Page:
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Organic law, also known as fundamental law, is a group of mandates or documents that form the foundation of law in a society. Although it typically refers to a sovereign state, it might refer to a business or other type of organization. Organic law may be formally written, such as with the Constitutions of the US, Spain or France. It also can be an informal or unwritten code of law.
In most cases, organic law refers to foundational documents upon which the rule of a society is governed. In the US, these are the US Constitution, the Declaration of Independence and the Northwest Ordinance of 1787. Many countries have constitutions that comprise its set of organic law, with some measure of flexibility built into it, such as the addition of amendments.
The balancing act between maintaining social order and allowing personal freedom is a difficult one. Organic law attempts to establish a foundation upon which legal statutes that govern are created. In the US, organic law has built into it the ability of higher courts to overturn decisions. In this way, laws and their interpretation can be ever-changing, although its foundational organic law does not.
Organic law may refer not only to a set of governing ordinances. It may refer to the structure of a government itself. For example, the US Constitution establishes the three major branches of government — executive, legislative and judicial — as well as the rules of election or appointment to each.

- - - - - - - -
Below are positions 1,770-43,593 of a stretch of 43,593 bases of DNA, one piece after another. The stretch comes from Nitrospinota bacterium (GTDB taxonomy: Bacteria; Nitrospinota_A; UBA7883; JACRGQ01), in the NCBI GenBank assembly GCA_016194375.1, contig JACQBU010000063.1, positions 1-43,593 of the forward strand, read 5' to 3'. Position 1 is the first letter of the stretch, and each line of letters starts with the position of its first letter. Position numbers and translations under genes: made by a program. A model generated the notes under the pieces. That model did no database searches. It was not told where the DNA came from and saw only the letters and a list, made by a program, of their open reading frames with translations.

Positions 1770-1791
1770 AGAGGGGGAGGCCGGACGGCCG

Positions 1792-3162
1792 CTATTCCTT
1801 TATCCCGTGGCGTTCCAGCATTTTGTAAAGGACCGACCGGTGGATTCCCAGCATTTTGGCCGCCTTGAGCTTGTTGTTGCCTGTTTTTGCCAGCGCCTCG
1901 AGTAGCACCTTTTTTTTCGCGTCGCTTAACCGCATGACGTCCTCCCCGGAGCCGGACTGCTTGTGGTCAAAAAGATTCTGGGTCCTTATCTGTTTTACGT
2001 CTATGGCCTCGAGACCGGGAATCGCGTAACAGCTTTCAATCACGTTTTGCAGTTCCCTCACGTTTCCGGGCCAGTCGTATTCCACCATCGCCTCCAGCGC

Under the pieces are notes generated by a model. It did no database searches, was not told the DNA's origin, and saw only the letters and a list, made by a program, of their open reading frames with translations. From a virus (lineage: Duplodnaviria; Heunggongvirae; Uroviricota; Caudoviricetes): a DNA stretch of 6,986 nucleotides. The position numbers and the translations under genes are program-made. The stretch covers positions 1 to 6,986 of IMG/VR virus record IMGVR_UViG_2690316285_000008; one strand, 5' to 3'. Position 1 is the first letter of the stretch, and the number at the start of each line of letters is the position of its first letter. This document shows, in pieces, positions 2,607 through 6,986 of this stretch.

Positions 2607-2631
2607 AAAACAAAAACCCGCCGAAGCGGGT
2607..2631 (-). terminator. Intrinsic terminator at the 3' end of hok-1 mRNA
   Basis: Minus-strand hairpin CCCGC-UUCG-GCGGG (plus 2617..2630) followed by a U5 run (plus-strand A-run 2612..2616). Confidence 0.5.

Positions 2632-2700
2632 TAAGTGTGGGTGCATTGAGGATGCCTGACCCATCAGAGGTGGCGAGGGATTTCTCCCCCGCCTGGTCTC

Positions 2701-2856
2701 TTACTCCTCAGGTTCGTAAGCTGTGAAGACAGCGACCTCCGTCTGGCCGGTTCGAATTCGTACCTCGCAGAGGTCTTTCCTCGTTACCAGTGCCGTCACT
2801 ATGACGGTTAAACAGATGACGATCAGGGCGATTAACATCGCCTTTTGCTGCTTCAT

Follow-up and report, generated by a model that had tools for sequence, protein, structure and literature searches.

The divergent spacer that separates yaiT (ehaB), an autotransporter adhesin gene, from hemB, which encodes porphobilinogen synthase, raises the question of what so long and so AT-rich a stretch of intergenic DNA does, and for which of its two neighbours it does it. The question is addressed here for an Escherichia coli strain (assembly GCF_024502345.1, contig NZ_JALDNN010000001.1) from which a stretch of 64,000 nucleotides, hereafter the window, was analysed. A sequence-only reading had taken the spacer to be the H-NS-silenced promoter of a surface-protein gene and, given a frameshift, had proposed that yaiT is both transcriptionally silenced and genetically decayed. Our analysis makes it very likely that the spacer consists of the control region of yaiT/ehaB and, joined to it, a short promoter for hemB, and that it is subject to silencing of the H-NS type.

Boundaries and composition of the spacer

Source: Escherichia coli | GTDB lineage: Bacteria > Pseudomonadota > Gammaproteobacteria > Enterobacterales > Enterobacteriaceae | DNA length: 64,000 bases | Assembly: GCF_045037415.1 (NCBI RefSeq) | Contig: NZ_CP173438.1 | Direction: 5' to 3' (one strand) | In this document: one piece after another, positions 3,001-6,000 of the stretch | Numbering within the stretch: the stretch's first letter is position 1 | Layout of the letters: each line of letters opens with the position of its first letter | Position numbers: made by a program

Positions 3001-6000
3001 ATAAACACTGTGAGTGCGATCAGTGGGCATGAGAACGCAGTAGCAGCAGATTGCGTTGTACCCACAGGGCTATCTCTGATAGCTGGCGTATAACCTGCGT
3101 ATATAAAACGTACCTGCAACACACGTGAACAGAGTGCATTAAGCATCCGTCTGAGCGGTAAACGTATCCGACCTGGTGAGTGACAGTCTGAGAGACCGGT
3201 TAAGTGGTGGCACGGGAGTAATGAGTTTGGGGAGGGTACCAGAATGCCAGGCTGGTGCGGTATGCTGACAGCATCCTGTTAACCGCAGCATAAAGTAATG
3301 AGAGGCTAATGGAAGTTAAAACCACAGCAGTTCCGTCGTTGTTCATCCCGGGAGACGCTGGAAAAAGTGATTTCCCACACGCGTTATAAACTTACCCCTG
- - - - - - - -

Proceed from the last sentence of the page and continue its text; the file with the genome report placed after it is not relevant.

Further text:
In a business, organic law may refer to a set of principles lined out within corporate documents. A corporate charter establishes governing rules of a corporation, such as the type of industry, the composition of governing boards within the corporation, whether or not stock will be issued and how, and many other details. Corporate charters may take many forms, depending on the country and the area of jurisdiction. A corporate charter is just one of many types of business documents that set precedent for how a corporation will be run.
Jurisprudence is the philosophy of law, and it studies many forms of legal rights and restrictions, among them organic law, natural law, positive law and common law. Natural law uses rules of nature to determine reasonable restrictions to moral behavior. Positive law is a set of man-made laws that do not necessarily use laws of nature to determine their existence. Common law is also known as case law, whereby certain rights and privileges are granted or taken away by a series of legal precedents.